My engagement and marriage were nothing typical. Chris and I decided to get engaged in April of 2003 and met with the ring designer, Christopher Roule, together. I think we designed the engagement and wedding rings at the same time. We met in his apartment in the Village and he showed us different diamonds and we picked a unique “miner’s cut” diamond to be set in a bold ring. We picked tiny blood red rubies to be wrapped around our wedding rings, set off-center on my white gold ring and on the side of Chris’s platinum ring. We loved designing our rings together, it was meaningful and so fun.
So I knew it was coming, but not really when. I tried not to think about it, because I wanted to be surprised, but I did have some clues. Hint one was that we had tickets to see the American Ballet Theater's Romeo and Juliet performed at the Metropolitan Opera House. Hint two was that Chris wore a jacket even though it was hot (to hide the ring). We had dinner at the Grand Tier which is located right in the Met, and got our favorite crab cakes and steaks. Nothing happened, so I thought maybe I was wrong and tried so hard not to expect a proposal. We watched the first acts of the ballet and at intermission we returned to our table for dessert.
In the middle of the amazing dessert, Chris got down on one knee and asked me to marry him. I wish I had a video of that moment because I forget exactly what he said. I think he said something about me making his life better and the moon and the stars, or something like that. All I know for sure is that I said yes. There were people watching, the wait staff mostly, and they all clapped and cheered. I was so giddy it was hard to finish eating, much less return to the ballet, but we did and I beamed in the dark while watching one of the most romantic stories in history.
We started thinking about a wedding and all the logistical details made me anxious and seemed to take the fun out of it. I didn’t need or want a show, I just wanted to marry this man, so we planned to elope. We booked a room at an exclusive hotel, The Post Ranch Inn, in Big Sur California for October. We contacted photographers and an officiate, but then I lost my job.
My job was the only reason I was allowed to be in the country. I was in the US on my fourth one year temporary visa from Canada and if I didn’t have a job I wasn’t supposed to stay here. Maybe it wouldn’t have mattered, but I was insistent on doing things the right way. I didn’t want to stay illegally in the country for three months until we were supposed to marry, so we cancelled most of our plans for eloping and decided to get married at home.
We wanted to go to the court house, like my parents did, but they were renovating the beautiful old building and the temporary court house was kind of a depressing place to get married in. We decided to use the deck at Chris's parent's house and we had the mayor of our town come there to act as the officiate. We got everything ready in just a couple of weeks. I got my dress off the rack at BCBG and my veil and hair comb at a wedding shop.
It was so simple and perfect, except for the fact that my parents and sister weren’t there. They couldn’t fly from Canada with such short notice but I talked to them on the phone before and after and I pinned an old clip of my Mom’s into my bouquet. They were there in my heart.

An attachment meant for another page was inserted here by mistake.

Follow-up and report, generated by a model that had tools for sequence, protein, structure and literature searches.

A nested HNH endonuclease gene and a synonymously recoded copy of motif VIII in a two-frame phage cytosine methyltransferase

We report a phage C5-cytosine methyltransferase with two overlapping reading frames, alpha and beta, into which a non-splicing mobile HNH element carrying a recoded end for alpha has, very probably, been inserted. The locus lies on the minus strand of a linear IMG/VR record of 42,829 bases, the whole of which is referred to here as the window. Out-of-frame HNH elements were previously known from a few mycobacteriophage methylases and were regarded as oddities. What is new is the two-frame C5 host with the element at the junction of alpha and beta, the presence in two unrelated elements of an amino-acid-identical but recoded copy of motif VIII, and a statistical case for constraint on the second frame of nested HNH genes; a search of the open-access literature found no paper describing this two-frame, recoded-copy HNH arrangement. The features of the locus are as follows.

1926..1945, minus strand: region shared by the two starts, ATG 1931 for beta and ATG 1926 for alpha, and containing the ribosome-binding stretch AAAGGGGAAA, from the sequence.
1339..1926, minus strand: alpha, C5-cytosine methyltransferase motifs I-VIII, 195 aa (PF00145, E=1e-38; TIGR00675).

It was short ceremony, with the traditional vows and Chris's family watching along with two of our friends. Again, I beamed through the whole thing. Chris sweated through it, but that’s because it was August and he was damn hot in that suit. He looked good though and I dried his brow with my handkerchief. I still have it, the handkerchief, but it’s washed now.
After the ceremony we had champagne, strawberry shortcake and a light lunch and then Chris and I headed into the city to spend a couple of nights at the Mercer Hotel in Soho. We had dinner that night with everyone plus a few more friends at a lovely restaurant called One If By Land, Two If By Sea. It was fun to walk around Soho as a bride. People stare, in a good way, and everyone wishes you well and has big smiles for you. Later that night, our friends came back to our room and we jumped on the bed and cleaned out the mini-bar.
Our reservations at the Post Ranch in Big Sur were kept and became our official honeymoon a few months later. It was a magical time being there and I hope one day to go back. I still remember the smell of the deck wood heating up in the sun at the end of the day and the way the stars looked like a blanket across the sky at night. The clouds at dawn, hanging above the ocean and below us, were otherworldly. When I need to go to a happy place in my mind, that's where I go.
It's eight years later and we are still going strong. Though it’s true that we are not going to be together today to celebrate. We had planned to return to the Mercer Hotel for a grand night out without the kids, but it will have to wait until I return from Canada. That’s the thing about a good marriage. For as much as we are bonded and sewn together, sometimes we know even more when we need to be apart. We let each other stay as individuals while still coming together to raise a family and nurture a marriage.
Happy Anniversary to Chris, the love of my life. I look forward to many more years together with you.